Sunday, April 18, 2010
I just finished watching the George Clooney film , "Up in the Air", via my cable company. I've been so busy lately, I have not had time to get to the theatre to watch a movie, so the "Movies On Demand" function of my remote is a welcome perk.
I'd heard this was a good film and the trailers looked interesting, so I thought I'd give it a try.
I must say, I found the movie profoundly depressing. Don't get me wrong, it was well acted by all the principal stars, an interesting viewpoint from which to tell the story and very well executed, but from the first few minutes, I found myself silently sobbing. Tears streamed down my face intermittently throughout the whole picture, at the depictions of middle-aged people being told they were no longer needed and had been let go from their jobs.
I relate to this pain on a visceral level. I know first-hand, the utter despair and sense of worthlessness you feel when being told by your company that they no longer need or want you as a part of their operation. I know what it is like to be dismissed one day, left with no recourse, after years of dedication and hard work. I remember lying awake in the early morning hours wondering how in God's name I would pay my bills and fill my hours. I have an intimate connection to this terror; I know it personally.
None of it seemed real to Ryan, the protagonist. He managed to keep the ugly reality of his work neatly compartmentalized, and didn't let it get to him. He was unscathed by the hardship and pain of the strangers that he was paid to fire. The tables were turned on Clooney's character, when his romantic foil, Alex, showed him that his emotions were just make-believe to her, as much a non-reality in her life, as the emotions of the victims of his cold dismissal services were in his. In the end, although he'd started to become a sympathetic character and I did feel sorry for him, I think he sort of got what he had coming to him.
Wednesday, April 14, 2010
My male cat is now almost fifteen years old. Despite his geriatric state, he is sleek, active and animated most of the time. His glossy, black and white fur feels like satin, and his green eyes still shine. He is busy much of the time, watching the birds through the window pane, nibbling on my houseplants or dodging Rigby the dog, as she makes clumsy attempts to play with him.
He has always had a ravenous appetite, but last year he became insatiable, crying and begging for food immediately after eating his meals. He started following me around from room to room, wailing and reaching out to me with his giant, polydactyl paws, stroking the side of my face to direct my attention. Clearly, something had changed.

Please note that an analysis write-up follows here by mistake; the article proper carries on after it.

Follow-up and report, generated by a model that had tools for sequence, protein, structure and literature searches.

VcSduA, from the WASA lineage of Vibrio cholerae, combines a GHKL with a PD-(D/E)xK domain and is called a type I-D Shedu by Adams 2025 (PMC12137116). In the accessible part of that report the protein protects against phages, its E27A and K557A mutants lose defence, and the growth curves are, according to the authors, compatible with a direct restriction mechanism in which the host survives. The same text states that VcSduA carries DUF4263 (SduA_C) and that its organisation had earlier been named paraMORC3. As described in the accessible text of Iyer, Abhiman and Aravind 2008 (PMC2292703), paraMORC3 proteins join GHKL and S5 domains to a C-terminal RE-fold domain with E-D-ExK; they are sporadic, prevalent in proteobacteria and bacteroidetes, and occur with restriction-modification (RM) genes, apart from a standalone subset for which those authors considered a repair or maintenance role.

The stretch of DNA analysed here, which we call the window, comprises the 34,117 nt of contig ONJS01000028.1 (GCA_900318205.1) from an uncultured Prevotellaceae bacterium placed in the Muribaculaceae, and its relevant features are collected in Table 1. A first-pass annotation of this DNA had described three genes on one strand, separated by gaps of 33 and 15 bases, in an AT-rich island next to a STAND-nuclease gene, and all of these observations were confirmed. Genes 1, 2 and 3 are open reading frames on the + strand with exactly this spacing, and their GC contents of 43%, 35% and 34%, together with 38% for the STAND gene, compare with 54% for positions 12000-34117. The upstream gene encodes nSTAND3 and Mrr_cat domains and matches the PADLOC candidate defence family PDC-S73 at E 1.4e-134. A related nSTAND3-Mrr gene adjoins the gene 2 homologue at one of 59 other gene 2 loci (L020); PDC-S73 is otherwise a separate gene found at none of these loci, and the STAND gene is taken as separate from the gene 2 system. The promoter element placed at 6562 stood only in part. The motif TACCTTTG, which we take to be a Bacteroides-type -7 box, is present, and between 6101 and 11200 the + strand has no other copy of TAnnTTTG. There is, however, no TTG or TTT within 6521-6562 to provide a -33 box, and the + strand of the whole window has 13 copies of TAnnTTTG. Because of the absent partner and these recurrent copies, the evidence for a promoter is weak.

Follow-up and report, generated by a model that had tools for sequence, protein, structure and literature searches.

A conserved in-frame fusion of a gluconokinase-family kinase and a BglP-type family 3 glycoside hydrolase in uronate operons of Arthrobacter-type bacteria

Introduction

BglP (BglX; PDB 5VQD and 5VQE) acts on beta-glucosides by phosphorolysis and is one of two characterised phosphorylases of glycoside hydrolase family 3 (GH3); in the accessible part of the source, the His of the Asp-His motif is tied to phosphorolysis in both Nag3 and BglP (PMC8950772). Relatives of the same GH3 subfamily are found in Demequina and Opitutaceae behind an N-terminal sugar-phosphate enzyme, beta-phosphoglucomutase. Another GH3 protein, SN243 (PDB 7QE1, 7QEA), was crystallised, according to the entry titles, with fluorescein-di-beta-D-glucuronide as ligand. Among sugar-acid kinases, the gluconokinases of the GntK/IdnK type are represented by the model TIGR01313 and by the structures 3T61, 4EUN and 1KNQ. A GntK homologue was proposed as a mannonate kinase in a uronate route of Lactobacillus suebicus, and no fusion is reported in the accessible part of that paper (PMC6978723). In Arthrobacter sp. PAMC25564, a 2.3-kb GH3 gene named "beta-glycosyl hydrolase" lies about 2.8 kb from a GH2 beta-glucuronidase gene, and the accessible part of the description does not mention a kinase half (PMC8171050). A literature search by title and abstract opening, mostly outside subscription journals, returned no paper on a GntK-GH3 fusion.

A trip to the vet revealed something that neither I, nor the doctor expected; Catboy has diabetes. The vet spent some time showing me how to inject him with insulin, which I must do twice a day, right after he eats his breakfast and dinner.
We bought him a special food for diabetic felines, which he ate with gusto at first. It was a case of large cans, but before the last ten cans were consumed, he'd rejected it completely. Back to the tiny, expensive cans that he had come to favor early in his life with us. A discerning gourmet of a feline he is, his birth in a dumpster aside.
His appearance has changed drastically in the past few months. The flesh has disappeared from his huge, multi-toed paws, leaving them thin and skeletal looking. His face is gaunt and thinner than that of a siamese. His spine protrudes from his back, the bones now prominent as he continues to lose weight.
Catboy’s life is approaching it’s natural end now- I know this. I have reached the mature age when romantic, overly sentimental notions of life and death have long since fallen by the wayside. I look upon the death of the body in old age as necessary and not something to be dreaded or staved off. All things must pass…It is the natural turn of events, but as it draws closer for him, I have been thinking lately about Catboy’s life.
If I had not intervened and left him to live his life as a feral cat, his life would have been much shorter. I have seen statistics that claim that a cat living outside has an average life expectancy of about three years. Feline Immune Deficiency Syndrome-the cat version of HIV/AIDS apparently rages through the feral population, and those cats whose owners let them roam out of doors are frequently exposed to it. Coyotes and fishers roam the backyards and vacant lots of suburbia, hunting small pets for food. Throw in speeding cars, ticks and fleas and the diseases they cause, and the outer world seems like a deathtrap for domestic cats. That’s why I have kept Catboy and Ceecee inside for their entire lives with me: for their own well-being.
But, what about the quality of that life? Would they have been happier outside? Chasing chickadees and bumble bees, rather than watching them from a window ledge, through a screen? Seeking out a sunny spot to sleep on the grass, rather than on my living room carpet? Climbing trees instead of bureaus? Would a shorter life outside have meant a more satisfying life for the cats, even with the risk of an early and perhaps violent end? Do I have the right to make this decision for them? These are the questions that nip at the edges of my mind now as I watch his decline. I think about these things, as I run my hand down his back and feel the vertebrae, now prominent, as the muscles and fat melt away from his bony frame.
I wanted him to be safe and sound, and that was the life I created for him, but he had no say in any of it. I wonder whether he resents me for keeping him a prisoner inside, even though my intentions were good. I believe I made the right decision. He has enjoyed a long life. I wonder whether he would say he has had a good life.
I sure hope so.